Great scepticism about vaccines in Europe

child vaccine health AfricaA child is vaccinated in a developing country. Photo: Pixabay.com

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Many people in Europe do not feel confident that it is safe to take vaccines according to a new study. The scepticism is greatest in France.

In Eastern Europe, 50% responded that it is safe to take vaccines in a global survey conducted by Gallup for the UK organization, Wellcome.

The corresponding share in Switzerland and Austria was only slightly higher than in Eastern Europe.

Of all the 144 countries examined, vaccine cepticism is most prevalent in France. According to the BBC, only 47% of respondents said it is safe to take vaccines. 33% of the respondents in France directly disagree that it is safe.

Great health risk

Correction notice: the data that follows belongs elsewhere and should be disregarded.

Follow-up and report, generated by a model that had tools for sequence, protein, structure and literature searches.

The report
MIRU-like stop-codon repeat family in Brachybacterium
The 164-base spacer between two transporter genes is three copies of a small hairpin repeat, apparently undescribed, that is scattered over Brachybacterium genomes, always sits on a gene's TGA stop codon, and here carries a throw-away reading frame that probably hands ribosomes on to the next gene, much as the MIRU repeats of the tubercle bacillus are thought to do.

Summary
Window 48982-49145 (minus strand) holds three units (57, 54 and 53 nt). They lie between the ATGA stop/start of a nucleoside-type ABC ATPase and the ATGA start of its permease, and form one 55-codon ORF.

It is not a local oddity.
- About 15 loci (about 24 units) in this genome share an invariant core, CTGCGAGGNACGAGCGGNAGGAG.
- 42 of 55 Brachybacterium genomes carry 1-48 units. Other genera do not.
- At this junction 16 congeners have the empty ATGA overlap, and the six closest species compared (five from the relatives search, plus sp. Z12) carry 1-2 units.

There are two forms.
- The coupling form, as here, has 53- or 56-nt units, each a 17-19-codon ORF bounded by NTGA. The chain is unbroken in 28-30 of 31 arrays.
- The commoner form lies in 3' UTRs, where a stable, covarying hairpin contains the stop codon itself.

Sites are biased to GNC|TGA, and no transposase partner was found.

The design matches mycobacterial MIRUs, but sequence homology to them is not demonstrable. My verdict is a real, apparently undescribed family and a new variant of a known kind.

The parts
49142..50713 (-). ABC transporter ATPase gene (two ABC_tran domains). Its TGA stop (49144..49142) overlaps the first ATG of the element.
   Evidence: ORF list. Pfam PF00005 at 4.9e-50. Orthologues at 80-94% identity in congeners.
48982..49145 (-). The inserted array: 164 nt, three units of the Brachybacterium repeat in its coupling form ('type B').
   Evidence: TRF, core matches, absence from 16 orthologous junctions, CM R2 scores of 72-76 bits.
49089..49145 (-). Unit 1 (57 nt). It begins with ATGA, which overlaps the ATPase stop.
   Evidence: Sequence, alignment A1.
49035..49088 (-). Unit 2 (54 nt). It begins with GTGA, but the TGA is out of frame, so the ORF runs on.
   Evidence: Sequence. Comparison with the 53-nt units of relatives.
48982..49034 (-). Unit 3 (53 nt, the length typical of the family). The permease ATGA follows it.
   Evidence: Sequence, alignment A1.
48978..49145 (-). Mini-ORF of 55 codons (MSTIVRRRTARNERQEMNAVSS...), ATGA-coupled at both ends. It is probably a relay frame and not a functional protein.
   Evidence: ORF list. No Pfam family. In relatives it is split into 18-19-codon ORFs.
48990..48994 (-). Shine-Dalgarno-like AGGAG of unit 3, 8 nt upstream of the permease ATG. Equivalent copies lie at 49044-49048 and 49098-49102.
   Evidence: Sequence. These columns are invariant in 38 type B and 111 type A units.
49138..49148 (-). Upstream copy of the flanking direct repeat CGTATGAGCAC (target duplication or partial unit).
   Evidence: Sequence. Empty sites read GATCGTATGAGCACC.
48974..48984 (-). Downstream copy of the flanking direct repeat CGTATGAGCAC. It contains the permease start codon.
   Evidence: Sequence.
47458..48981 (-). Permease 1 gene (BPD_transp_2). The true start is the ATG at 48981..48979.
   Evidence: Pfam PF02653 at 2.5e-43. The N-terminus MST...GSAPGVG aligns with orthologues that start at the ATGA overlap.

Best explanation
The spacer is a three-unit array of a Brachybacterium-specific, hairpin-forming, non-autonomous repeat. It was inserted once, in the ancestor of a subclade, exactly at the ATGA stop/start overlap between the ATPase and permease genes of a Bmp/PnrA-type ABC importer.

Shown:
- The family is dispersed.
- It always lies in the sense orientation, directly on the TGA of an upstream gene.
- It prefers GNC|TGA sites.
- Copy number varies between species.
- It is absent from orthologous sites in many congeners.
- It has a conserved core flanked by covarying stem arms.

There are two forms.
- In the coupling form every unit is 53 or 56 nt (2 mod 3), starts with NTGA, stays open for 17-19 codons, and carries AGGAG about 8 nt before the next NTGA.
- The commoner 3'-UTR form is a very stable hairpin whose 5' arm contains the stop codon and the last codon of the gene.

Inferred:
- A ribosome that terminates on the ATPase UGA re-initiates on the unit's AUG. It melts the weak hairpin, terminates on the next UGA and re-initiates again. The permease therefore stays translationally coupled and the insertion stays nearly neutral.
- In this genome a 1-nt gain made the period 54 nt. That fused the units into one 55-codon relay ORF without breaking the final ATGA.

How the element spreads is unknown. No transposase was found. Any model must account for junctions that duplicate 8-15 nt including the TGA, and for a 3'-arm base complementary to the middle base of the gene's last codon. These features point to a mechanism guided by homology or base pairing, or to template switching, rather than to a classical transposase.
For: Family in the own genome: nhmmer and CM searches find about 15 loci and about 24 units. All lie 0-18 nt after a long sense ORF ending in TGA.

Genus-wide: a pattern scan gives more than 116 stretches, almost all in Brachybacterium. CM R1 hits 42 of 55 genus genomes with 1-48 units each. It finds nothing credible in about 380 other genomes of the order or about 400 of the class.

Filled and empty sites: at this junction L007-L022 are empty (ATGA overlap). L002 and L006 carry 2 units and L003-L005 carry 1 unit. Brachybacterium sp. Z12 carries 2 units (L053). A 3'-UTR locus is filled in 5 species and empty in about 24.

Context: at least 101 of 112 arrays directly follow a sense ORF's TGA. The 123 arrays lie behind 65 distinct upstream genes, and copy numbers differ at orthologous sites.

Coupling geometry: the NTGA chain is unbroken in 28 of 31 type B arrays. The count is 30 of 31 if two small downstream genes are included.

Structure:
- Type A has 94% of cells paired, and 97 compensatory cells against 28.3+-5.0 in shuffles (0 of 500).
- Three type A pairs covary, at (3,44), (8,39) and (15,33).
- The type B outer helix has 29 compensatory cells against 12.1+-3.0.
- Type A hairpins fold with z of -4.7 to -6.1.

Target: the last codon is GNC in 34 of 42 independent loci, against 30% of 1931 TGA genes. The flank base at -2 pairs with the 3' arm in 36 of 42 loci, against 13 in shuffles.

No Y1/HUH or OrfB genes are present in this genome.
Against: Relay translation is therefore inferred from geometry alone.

‘’Increasingly, there are population groups and entire countries in the world where confidence in vaccines decreases and fewer are vaccinating.

This poses a major health risk’’ said Imran Khan of Wellcome to The Guardian newspaper.

In Norway, confidence in vaccines is higher than in many other European countries. Here, 83% answered that it is safe to take vaccines.

The survey was conducted as part of a Gallup World Poll between April and December last year and the results were published on Wednesday.

See the consequences

In many developing countries, too, there is high confidence in vaccines. Nearly 100% of both Bangladeshi and Rwandan people responded that vaccines are safe, effective, and important for children.

“Perhaps the explanation is that people in these countries can see what happens if you don’t take vaccines” said Khan.

Western scepticism is at least partly due to conspiracy theories and erroneous statements spread across the web. Measles outbreaks in
a number of countries are linked to vaccine scepticism, which the World Health Organization (WHO) have designated as one of the ten greatest threats to global health.

© NTB Scanpix / #Norway Today

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